Lookin' at you, Ross Douthat.
Whichever party wins the White House in 2016 could find itself unable to make good on its vision and promises, reaping a whirlwind of difficulties instead.
I'm not angry at Trump. I'm angry at the electorate, at the stupid, self-centered, uninformed, xenophobic, even racist, ignorant, personality-driven voters willing to turn this country over to a man who, as McCullough points out, lacks any of the four key qualities President Dwight D. Eisenhower said a leader must possess: character, ability, responsibility and experience.
A nationally-televised presidential debate stage is, indeed, neither the time nor the place, one would think. This year, however, all the rules have been thrown out and we've got Donald Trump and Marco Rubio comparing relative penis sizes in their effort to become the so-called leader of the free world.
Now that the primaries are getting a lot closer, some are doing mental pretzel-bends to rationalize their gut feeling about Trump's inevitable loss (since their gut feeling can't possibly be wrong, of course.)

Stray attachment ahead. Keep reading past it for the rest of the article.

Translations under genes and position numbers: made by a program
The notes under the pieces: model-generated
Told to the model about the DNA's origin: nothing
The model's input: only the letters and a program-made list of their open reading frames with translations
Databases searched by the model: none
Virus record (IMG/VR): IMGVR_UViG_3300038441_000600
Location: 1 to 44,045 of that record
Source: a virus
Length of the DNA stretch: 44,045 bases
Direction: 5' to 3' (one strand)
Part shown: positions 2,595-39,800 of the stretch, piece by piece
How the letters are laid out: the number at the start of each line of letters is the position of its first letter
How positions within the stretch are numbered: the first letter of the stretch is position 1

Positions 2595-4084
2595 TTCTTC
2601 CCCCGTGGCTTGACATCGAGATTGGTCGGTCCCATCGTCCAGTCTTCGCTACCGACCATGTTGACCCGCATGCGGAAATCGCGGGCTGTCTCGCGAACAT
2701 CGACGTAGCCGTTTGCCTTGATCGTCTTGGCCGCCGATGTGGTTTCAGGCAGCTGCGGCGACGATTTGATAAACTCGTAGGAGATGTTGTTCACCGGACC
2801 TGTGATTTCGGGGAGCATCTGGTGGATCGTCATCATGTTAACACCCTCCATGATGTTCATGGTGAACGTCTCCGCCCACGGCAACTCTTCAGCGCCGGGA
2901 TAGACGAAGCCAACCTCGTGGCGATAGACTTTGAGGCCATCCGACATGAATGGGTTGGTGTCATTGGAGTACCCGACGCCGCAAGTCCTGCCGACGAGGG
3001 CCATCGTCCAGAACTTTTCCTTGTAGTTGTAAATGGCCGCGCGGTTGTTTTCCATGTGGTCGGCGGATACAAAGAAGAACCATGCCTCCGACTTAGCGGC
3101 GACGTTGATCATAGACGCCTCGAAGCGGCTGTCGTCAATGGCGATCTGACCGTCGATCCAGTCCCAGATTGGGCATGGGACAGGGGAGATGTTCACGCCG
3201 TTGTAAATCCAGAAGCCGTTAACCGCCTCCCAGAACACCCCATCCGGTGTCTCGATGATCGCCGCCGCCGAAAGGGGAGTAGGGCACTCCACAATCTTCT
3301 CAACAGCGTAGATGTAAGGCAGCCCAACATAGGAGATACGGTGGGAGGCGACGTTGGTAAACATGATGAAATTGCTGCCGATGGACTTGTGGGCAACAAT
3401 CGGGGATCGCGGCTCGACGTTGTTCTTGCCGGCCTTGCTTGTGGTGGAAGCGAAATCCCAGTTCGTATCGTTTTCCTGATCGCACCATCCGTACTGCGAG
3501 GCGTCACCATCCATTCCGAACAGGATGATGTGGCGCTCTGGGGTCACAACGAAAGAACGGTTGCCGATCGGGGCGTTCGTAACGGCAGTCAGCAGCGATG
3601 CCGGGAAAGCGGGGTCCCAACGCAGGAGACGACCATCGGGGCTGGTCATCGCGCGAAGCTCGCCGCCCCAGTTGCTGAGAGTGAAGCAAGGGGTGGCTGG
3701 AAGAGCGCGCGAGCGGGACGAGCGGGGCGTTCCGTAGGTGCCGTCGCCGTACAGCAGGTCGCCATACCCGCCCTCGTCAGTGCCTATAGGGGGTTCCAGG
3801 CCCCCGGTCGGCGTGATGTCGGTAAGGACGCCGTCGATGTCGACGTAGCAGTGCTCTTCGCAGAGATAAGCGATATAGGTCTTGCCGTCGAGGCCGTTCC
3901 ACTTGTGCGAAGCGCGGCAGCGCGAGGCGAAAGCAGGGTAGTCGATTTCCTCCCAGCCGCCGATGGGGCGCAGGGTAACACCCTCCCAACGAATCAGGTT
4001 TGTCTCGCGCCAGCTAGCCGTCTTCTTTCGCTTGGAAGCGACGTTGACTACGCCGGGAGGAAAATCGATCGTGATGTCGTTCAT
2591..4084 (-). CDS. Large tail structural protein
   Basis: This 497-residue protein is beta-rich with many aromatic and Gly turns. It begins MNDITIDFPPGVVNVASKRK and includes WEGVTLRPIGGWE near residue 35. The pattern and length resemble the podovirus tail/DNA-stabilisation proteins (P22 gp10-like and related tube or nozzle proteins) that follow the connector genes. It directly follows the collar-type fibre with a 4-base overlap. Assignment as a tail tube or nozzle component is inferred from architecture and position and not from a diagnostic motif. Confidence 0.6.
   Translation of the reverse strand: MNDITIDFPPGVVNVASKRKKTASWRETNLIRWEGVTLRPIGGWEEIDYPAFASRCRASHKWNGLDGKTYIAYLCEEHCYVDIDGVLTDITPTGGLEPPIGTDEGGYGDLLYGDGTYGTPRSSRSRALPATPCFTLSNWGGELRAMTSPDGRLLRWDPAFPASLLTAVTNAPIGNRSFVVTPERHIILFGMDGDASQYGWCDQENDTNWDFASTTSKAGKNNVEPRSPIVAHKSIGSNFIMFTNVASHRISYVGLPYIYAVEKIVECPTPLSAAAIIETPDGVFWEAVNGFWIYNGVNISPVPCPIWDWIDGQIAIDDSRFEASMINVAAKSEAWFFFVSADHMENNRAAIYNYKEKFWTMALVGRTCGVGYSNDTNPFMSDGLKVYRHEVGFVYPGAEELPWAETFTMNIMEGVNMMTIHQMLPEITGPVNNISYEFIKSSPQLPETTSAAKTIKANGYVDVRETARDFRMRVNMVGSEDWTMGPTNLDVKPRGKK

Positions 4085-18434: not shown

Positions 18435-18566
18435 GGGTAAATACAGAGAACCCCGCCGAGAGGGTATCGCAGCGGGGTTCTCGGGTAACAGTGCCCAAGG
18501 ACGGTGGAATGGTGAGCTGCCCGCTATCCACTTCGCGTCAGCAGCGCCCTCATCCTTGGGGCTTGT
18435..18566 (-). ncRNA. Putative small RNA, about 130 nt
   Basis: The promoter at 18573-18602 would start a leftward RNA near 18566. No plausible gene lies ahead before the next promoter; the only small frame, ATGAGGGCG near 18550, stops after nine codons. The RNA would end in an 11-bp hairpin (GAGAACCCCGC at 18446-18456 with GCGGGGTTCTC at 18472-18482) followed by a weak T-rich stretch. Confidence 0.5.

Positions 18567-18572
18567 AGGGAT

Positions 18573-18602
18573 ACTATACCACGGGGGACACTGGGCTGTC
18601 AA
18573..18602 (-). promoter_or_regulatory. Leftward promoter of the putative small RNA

Throughout his column, Douthat speaks of how libertarian values restrain fascism--they do. To equate them with conservative ideology, however, is a bit of stretch. Conservatives are not libertarians. Conservatism is not the ally of liberty. It is first and foremost the ally of the status quo and the past. Every attempt to expand human liberty was opposed by conservatives of the day.
We inhabit a small moment in time in a Church that has endured for 2,000 years and shall endure for many thousands more. The Church will not be shaken to the core if the divorced and remarried are admitted to Holy Communion. It would be nothing more than the practical working out of the Church's commitment to mercy.
Ever since Archbishop Jorge Bergoglio of Argentina became Pope Francis in March of 2013, conservative Catholics have been sounding alarms about his designs on the Roman Catholic church.
Liberals and conservatives, Protestants and Catholics are all having to come to terms with an increasingly secular landscape. Aspiring to be more like Ross Douthat's vision of Christian orthodoxy, in other words, is no longer a hedge against decline, if it ever really was.
History offers D.H. Lawrence's warning that influential people shouldn't stimulate others' "personal, superficial, temporary desires" but "tell us of our own deeper desires." The powers that conservatives champion have been doing the former, with increasing velocity.
The Catholic Church at this moment in history is faced with a rising chorus of right-wing dissent. This movement poses a threat to Pope Francis's reforms, but the threat should not be overblown.
Cummings doubted the issues being debated in Rome and among Catholic intellectuals would resonate with most parishioners